"Biological terrorism is an increasing concern: biological technology is advancing in capability while also becoming more accessible, and terrorist activities are increasing in number, scale, and diversity. Dissemination of biological threat agents as aerosols is a particular menace because of the ease of widespread dispersal and the effectiveness of infection by inhalation. Lawrence Livermore National Laboratory (LLNL) developed the Autonomous Pathogen Detection System (APDS) for the U.S. Department of Energy (DOE) and Department of Homeland Security (DHS) as a means of detecting biological threat agents in the air. The APDS was developed for high-risk locations to reach the bestachievable combination of competing characteristics such as speed, selectivity, sensitivity, numbers of agents, and cost. For example, while fast detection can prevent exposures and allow the most effective medical treatment of people already exposed, false positive results must also be extremely low in a civilian setting. The APDS is the first actionable autonomous detector component of the DHS's BioWatch Program. The APDS instrument will be of interest to readers of this book because the analytical core of the instrument is a flow cytometer. In the initial stages of development, compact and advanced flow cytometers provided fast and sensitive detection of biological agents. In subsequent development, the more conventional cytometry approach was replaced with a Luminex assay platform and flow cytometer to allow detection of many agent signatures at once. The compact flow cytometer is one subsystem in the larger system which includes aerosol collection, biological reagents, sample preparation, result analysis, field packaging, communications, maintenance support, and remote monitoring. This chapter does not focus on the flow cytometer itself, but instead provides an overview of the characteristics, progress, and critical issues of an advanced, fielded system utilizing an automated flow cytometry system."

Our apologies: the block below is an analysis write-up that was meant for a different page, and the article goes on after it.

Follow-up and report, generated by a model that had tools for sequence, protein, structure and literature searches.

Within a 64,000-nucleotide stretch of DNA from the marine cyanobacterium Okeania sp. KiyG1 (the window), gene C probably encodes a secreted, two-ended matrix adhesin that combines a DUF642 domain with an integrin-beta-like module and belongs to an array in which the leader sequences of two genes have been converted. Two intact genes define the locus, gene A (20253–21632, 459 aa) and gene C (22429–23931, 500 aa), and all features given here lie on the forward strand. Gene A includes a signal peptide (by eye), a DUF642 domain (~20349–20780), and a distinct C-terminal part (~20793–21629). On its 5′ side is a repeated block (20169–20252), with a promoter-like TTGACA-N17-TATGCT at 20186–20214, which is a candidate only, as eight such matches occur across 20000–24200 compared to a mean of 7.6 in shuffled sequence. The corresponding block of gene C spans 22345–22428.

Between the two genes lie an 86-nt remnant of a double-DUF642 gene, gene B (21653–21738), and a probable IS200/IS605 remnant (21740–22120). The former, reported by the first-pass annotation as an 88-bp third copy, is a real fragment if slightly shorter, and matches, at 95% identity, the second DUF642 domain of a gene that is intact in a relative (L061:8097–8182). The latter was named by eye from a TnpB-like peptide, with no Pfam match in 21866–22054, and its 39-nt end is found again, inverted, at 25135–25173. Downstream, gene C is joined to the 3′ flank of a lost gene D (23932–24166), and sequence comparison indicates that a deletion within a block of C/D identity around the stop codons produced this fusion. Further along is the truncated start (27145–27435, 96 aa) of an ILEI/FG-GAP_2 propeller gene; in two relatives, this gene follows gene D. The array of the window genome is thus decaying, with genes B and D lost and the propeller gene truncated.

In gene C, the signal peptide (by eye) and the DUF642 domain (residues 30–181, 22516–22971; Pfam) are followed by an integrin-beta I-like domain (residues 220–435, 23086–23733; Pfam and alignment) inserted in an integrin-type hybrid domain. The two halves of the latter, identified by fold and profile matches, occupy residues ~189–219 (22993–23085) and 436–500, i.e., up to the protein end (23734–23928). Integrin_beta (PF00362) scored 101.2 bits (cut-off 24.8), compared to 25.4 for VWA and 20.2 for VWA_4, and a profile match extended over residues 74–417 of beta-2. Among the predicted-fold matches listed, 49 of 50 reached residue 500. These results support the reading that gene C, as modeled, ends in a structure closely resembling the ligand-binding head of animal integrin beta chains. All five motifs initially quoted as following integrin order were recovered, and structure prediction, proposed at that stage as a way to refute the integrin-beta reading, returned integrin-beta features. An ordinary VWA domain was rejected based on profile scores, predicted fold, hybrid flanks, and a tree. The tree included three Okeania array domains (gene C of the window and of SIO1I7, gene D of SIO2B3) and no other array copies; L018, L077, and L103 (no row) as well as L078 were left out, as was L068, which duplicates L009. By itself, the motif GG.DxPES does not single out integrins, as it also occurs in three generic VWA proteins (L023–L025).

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Kim, Jason S. and Ligler, Frances S. The Microflow Cytometer. Singapore: Pan Stanford Publishing Pte. Ltd., 2010, Ch.17